Your trip comes to an end this morning after breakfast. Check-out time from the guesthouse is by 10am.
1. Your adventure begins with a welcome meeting at 6pm on Day 1. There are no activities planned for the final day so you may depart at any time.
2. A single supplement is available for purchase on this trip. Please speak to your booking agent for further information.
3. For the included internal flight ticket, please provide your full name exactly as per passport, at the time of booking or at least 45 days prior to travel.
4. We run the same itinerary in the alternate direction to offer another start day of the week due to flights - please see ""Best of Cuba"" (QUSH) if you are looking for more date options.
5. A complimentary airport arrival transfer is included; valid if you are arriving on Day 1 or if you have booked pre-tour accommodation through us. You must provide your flight details to your booking agent at least 14 days prior to travel.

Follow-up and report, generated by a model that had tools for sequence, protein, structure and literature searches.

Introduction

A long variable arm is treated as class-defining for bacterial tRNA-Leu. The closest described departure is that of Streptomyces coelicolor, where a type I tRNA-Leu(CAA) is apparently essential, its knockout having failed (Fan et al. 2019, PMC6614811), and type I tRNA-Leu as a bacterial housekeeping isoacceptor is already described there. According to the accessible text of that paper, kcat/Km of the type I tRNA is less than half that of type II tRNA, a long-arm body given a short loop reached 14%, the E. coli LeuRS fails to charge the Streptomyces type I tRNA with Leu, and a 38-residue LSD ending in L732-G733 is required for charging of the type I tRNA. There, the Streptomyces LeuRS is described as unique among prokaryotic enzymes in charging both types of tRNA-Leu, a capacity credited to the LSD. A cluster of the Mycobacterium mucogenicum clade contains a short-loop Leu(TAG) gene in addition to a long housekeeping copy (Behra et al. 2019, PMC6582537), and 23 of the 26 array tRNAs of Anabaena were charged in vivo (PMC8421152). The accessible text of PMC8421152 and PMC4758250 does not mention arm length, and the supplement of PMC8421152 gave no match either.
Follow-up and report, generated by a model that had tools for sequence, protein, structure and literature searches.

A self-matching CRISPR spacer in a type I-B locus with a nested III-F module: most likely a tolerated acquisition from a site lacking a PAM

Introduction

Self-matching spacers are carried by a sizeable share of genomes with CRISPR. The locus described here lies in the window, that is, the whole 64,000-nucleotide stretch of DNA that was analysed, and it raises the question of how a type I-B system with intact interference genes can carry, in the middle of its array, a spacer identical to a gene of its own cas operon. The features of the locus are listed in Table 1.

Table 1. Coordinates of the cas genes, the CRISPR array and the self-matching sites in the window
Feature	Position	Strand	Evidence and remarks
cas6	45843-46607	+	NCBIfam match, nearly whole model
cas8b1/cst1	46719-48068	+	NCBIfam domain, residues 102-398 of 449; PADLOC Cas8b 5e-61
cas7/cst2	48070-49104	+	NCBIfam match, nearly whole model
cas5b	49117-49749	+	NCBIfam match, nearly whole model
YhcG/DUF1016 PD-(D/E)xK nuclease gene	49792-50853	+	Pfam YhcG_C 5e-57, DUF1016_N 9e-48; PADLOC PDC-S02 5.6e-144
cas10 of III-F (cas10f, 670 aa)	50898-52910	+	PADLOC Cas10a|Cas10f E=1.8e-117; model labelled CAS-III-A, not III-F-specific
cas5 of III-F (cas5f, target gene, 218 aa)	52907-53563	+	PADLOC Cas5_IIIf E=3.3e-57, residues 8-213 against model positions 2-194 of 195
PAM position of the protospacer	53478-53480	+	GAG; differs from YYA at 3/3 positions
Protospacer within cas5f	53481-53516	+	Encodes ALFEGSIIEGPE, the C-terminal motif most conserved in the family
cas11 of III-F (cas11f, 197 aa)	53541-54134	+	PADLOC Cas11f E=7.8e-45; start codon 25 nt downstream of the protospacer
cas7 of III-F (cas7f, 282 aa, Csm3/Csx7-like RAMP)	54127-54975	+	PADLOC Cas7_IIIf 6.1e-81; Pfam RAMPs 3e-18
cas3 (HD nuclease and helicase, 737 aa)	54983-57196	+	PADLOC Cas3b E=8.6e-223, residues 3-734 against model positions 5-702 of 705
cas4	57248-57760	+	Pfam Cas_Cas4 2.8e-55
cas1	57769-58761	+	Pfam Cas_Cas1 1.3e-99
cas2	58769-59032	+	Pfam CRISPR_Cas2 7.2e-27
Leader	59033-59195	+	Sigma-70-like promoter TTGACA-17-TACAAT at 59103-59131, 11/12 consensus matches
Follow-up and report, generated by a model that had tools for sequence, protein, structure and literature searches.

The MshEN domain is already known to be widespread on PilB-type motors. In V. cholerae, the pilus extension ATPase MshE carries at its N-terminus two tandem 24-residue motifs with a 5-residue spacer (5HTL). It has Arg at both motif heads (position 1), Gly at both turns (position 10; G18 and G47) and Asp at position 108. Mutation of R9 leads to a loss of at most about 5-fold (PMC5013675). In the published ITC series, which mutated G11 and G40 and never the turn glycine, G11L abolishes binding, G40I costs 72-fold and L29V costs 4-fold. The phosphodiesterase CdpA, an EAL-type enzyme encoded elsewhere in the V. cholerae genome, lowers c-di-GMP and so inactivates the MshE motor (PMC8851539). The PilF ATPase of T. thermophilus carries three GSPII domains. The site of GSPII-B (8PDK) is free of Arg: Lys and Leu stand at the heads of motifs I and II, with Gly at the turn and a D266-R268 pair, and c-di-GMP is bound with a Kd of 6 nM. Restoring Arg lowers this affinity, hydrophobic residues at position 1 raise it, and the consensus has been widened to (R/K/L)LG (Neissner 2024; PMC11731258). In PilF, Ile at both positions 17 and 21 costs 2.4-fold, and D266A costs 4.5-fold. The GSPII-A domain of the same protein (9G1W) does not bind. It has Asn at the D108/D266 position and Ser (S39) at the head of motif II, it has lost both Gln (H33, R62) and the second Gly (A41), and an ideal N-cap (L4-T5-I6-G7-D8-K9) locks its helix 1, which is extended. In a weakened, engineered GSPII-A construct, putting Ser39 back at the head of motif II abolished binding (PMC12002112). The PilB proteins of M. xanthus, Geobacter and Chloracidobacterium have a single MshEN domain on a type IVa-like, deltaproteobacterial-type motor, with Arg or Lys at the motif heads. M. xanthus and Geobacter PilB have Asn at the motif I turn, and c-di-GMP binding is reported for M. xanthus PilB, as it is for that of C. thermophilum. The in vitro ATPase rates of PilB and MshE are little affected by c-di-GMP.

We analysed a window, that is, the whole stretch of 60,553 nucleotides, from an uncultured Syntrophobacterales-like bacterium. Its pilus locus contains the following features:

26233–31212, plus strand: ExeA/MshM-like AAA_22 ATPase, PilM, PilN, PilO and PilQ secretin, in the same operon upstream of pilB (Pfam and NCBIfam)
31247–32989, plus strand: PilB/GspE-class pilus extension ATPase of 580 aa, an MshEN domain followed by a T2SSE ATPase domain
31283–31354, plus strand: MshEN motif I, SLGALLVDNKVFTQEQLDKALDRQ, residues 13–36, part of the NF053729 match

6. The airport arrival transfer driver will know the address of your assigned guesthouse. If you have not booked the transfer prior to departure, or will not utilise it due to independent plans, please ensure you ask your booking agent inside 7 days of departure for your confirmed guesthouse name and address.
7. Guesthouse and rooming allocations are finalised inside a week from departure based on the configuration of each travelling party. Please advise bedding configuration requests to your booking agent at least 14 days prior to travel.
8. A visa or tourist card, organised prior to arrival, is required for all nationalities visiting Cuba.
9. The Cuban government has declared that travel insurance is compulsory for all travellers. Proof of insurance may be requested at Havana Airport by immigration officials.